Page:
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Spring Boot With Spring Security and JDBC

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Spring Boot With Spring Security and JDBC

This article showcases the combination of Spring Security with JDBC with a simple Gradle application.

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Spring Security is a wonderful framework, saving lots of time and effort for developers.

Working with JDBC and Spring Security is pretty easy — many actions are automated. This will be a minimal showcase.

The Gradle file contains dependencies such as spring-security, spring-jdbc, and h2 database

group 'com.gkatzioura'
version '1.0-SNAPSHOT'

buildscript {
    repositories {
    dependencies {

apply plugin: 'java'
apply plugin: 'idea'
apply plugin: 'spring-boot'

sourceCompatibility = 1.8

repositories {

dependencies {
    testCompile "junit:junit:4.11"

Tables containing certain information must be created. Those tables will have the default name and column names that Spring Security lookups in order to get information.

drop table if exists users;
create table users(id bigint auto_increment, username varchar(255), password varchar(255), enabled boolean);
insert into users(username,password,enabled) values('steve','steve',true);
insert into users(username,password,enabled) values('john','john',true);
drop table if exists authorities;
create table authorities(username  varchar(255),authority  varchar(255), UNIQUE(username,authority));
insert into authorities(username,authority) values('steve','admin');
insert into authorities(username,authority) values('john','superadmin');

Those sql statements will reside on resources/schema.sql.

First step is to create our Application class

package com.gkatzioura.spring.security;

import org.springframework.boot.SpringApplication;
import org.springframework.boot.autoconfigure.SpringBootApplication;

 * Created by gkatzioura on 9/2/16.
public class Application {

    public static void main(String[] args) {
        SpringApplication.run(Application.class, args);


In order to get started quickly, the database will be an h2 database.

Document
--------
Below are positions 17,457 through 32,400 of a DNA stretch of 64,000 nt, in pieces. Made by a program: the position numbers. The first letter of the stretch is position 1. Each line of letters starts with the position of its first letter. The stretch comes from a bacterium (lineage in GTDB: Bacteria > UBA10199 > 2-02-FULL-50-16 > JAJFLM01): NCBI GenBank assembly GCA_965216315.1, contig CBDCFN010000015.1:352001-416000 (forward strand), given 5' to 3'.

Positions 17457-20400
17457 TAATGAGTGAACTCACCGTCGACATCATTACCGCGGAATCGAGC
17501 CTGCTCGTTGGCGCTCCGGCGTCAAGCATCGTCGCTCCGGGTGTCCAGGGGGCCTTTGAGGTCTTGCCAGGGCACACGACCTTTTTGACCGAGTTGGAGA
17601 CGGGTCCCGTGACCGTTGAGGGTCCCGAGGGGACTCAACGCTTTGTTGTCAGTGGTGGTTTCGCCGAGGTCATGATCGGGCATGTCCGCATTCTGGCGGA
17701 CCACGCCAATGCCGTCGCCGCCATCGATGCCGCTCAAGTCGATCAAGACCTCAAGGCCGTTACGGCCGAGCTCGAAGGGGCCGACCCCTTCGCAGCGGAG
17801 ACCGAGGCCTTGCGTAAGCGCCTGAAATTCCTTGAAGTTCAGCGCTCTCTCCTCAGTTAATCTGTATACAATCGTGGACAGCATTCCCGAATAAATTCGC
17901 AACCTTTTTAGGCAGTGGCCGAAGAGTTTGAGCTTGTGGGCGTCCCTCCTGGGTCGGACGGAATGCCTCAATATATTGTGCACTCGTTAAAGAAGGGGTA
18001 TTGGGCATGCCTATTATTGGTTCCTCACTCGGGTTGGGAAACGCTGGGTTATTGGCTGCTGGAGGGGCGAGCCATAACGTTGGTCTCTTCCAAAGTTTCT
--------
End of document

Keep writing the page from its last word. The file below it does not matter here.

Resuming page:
package com.gkatzioura.spring.security.config;

import org.h2.jdbcx.JdbcDataSource;
import org.springframework.context.annotation.Bean;
import org.springframework.context.annotation.Configuration;

import javax.sql.DataSource;
import java.nio.file.Files;

 * Created by gkatzioura on 9/2/16.
public class DataSourceConfig {

    public DataSource createDataSource() {

        JdbcDataSource dataSource = new JdbcDataSource();

        return dataSource;


By specifying the h2 database, I set the directory to be inside the temporary directory. Therefore, once you restart your OS, the database will be gone. As mentioned previously, once the datasource bean has been initialized, spring-jdbc will automatically lookup on the resource folder for a schema.sql file. In case the file exists, spring-jdbc will try to execute the statements that the schema.sql contains.

The next step is to define our security configuration. We have to specify that our security will be based on JDBC. We must also define the endpoints that will have to be secure.

package com.gkatzioura.spring.security.config;

import org.springframework.beans.factory.annotation.Autowired;
import org.springframework.security.config.annotation.authentication.builders.AuthenticationManagerBuilder;
import org.springframework.security.config.annotation.web.builders.HttpSecurity;
import org.springframework.security.config.annotation.web.configuration.EnableWebSecurity;
import org.springframework.security.config.annotation.web.configuration.WebSecurityConfigurerAdapter;

import javax.sql.DataSource;

 * Created by gkatzioura on 9/2/16.
public class SecurityConfig extends WebSecurityConfigurerAdapter {

    private DataSource dataSource;

    public void configAuthentication(AuthenticationManagerBuilder auth) throws Exception {

    protected void configure(HttpSecurity http) throws Exception {


Last but not least, we will add a controller with a secured endpoint and a non-secured endpoint

package com.gkatzioura.spring.security.controller;

import org.slf4j.Logger;
import org.slf4j.LoggerFactory;
import org.springframework.web.bind.annotation.RequestMapping;
import org.springframework.web.bind.annotation.RequestMethod;
import org.springframework.web.bind.annotation.RestController;

 * Created by gkatzioura on 9/2/16.
public class GreetController {

    private static final Logger LOGGER = LoggerFactory.getLogger(GreetController.class);

    @RequestMapping(path = "/public",method = RequestMethod.GET)
    public String sayFreeHi() {
        return "Greeting";

    @RequestMapping(path = "/secured",method = RequestMethod.GET)
    public String saySecureHi() {
        return "Secured";


Once you try to access the secured endpoint, the default Spring Security login screen will be displayed. Proceed with one of the users specified in the SQL statements (for example username: steve password: steve). In case you want to log out, just hit the /login?logout endpoint.

Run the application with:

gradle bootRun

That's it! You can find the source code on GitHub.

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spring security ,spring ,application ,datasource

Published at DZone with permission of Emmanouil Gkatziouras, DZone MVB. See the original article here.

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